What do you chews?

February 28, 2022

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As February comes to an end, I'd like to share a valentine with you. MANY years ago when I was in grade school, we were asked to make a valentine for each of our classmates. My Mom helped me make a bunch, similar to the one pictured here. No idea why this stuck with me (ha) so many years later, but it did get me thinking again about choice.


I Chews You

This topic is likely on my mind as recently I learned of a situation where a person chose to share personal information that should have been kept in confidence. It may have been a mistake, it may have not. But either way it was a broken promise, a betrayal. So what does that mean? It means choices need to be made on how to respond, how to address, how to move forward. And it is also a good reminder of the importance of building skills to handle situations like this.

What we teach in our workshops address real life issues like this.

For example, on the topic of betrayal, we teach why it is important to understand what it is... a broken promise, either spoken (out loud) or unspoken (assumed). And that when (not if) we get betrayed, it is important to know we have two choices, two paths to take. Get bitter or get better. We also teach how getting better includes clearing emotions about the betrayal, in addition to choosing what next steps need to happen. And perhaps what boundaries may need to be looked at, which is a topic from our Women Moving Forward® workshop.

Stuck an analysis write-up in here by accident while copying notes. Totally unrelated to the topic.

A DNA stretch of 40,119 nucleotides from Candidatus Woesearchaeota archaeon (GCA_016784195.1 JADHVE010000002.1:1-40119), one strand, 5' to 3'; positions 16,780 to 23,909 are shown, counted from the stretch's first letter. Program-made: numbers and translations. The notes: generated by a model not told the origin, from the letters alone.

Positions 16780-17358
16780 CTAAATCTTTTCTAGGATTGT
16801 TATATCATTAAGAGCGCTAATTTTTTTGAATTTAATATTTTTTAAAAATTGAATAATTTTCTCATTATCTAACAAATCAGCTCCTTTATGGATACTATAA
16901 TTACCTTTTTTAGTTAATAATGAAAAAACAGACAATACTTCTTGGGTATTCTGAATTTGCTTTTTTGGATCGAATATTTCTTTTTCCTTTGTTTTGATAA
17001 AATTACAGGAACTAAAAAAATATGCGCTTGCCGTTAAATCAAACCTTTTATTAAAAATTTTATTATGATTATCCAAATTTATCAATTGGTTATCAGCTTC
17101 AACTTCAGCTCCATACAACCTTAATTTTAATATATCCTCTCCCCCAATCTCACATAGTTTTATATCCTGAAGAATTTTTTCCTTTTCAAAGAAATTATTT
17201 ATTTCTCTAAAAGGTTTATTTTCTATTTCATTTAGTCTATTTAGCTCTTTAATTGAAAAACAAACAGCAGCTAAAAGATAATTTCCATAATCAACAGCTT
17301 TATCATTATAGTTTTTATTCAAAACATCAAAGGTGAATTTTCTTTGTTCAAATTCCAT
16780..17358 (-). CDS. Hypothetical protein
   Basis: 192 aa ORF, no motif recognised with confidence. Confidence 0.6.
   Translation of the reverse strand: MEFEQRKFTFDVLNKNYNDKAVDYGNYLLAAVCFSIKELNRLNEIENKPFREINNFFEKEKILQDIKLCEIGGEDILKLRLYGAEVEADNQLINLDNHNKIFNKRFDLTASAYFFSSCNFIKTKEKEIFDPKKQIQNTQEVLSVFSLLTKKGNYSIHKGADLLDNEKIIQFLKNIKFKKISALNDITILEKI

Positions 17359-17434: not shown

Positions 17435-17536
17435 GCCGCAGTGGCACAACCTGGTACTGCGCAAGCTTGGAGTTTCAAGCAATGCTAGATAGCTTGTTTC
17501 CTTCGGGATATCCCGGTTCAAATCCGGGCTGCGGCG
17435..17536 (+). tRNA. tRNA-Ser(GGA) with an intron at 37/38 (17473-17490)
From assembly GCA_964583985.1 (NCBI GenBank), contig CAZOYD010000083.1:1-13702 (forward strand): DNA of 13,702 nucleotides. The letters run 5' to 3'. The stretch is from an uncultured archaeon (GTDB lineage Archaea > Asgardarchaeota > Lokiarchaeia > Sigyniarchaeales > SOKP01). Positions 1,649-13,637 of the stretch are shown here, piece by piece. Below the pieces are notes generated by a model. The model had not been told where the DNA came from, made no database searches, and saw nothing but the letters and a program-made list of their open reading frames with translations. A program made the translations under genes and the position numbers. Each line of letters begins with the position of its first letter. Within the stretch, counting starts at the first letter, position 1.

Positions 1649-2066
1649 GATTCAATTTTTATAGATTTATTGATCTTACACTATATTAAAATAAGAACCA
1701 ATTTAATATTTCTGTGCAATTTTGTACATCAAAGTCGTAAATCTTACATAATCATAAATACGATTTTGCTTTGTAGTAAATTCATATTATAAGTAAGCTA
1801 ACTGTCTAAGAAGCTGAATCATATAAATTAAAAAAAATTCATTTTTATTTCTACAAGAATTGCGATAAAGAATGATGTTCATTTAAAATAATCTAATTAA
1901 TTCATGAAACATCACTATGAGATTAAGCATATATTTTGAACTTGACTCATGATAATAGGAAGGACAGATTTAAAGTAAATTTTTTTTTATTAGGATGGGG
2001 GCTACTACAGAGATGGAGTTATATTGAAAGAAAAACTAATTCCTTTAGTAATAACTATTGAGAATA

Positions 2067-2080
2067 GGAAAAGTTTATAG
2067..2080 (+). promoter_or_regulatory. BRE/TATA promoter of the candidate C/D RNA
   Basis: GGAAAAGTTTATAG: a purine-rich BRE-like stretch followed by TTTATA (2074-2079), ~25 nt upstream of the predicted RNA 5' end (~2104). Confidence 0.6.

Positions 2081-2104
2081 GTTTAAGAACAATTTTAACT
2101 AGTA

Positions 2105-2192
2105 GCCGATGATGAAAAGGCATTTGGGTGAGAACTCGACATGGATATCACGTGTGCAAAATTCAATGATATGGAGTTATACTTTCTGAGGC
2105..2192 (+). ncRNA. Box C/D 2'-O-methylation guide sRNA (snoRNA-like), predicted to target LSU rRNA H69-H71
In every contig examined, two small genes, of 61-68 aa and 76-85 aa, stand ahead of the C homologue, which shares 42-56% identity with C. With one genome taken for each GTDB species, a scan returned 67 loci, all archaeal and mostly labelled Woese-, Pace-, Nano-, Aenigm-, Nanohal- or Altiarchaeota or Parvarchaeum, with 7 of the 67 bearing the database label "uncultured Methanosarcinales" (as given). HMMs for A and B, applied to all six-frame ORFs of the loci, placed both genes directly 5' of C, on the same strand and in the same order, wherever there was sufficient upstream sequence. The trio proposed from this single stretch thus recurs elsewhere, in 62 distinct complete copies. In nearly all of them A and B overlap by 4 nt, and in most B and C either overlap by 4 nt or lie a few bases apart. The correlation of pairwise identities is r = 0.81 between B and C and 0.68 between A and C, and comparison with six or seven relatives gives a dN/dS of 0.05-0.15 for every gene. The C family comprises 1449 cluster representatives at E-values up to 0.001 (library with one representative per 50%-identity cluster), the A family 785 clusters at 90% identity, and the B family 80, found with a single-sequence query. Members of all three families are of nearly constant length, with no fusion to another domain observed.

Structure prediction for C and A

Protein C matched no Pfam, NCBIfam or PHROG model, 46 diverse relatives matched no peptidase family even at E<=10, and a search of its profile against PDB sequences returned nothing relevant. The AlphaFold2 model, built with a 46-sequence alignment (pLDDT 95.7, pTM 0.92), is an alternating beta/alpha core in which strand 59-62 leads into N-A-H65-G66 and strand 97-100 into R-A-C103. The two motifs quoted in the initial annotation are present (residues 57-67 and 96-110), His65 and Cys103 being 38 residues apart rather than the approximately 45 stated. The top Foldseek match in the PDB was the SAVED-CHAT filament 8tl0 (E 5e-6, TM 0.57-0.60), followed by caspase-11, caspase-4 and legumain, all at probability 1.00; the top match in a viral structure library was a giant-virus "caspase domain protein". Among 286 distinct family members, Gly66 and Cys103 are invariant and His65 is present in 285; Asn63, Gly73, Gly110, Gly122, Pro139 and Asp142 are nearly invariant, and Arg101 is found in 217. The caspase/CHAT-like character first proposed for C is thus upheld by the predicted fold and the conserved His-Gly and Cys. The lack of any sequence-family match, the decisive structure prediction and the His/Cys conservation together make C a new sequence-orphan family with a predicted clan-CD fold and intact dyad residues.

Another topic we teach in our workshops that can be applied to a breech of confidence, is the linguistic domain concept of breakdown. In our Managing Corporate Change© workshop we teach how to use breakdown (defined as "a transparent interruption") to thrive through change. In Advanced Women Moving Forward® we go even deeper into the concepts of breakdown, intention and how to use the breakdown to create.

One last example relating to this topic is part of both our Enabling Purpose Through Relationship© and Advanced Women Moving Forward® workshops - the importance and power of purpose.

Specifically identifying ones purpose, learning skills to live a more purposeful life, and understanding when we are on/off purpose. And when (not if) we are off purpose in our choices, we can then choose to do better next time.

It is is estimated that an adult makes about 35,000 decisions each day! So what we choose and understanding how those choices impact ourselves and others is critical. Yes, our choices have consequences.

So what will you chews today?

Kate Johnson
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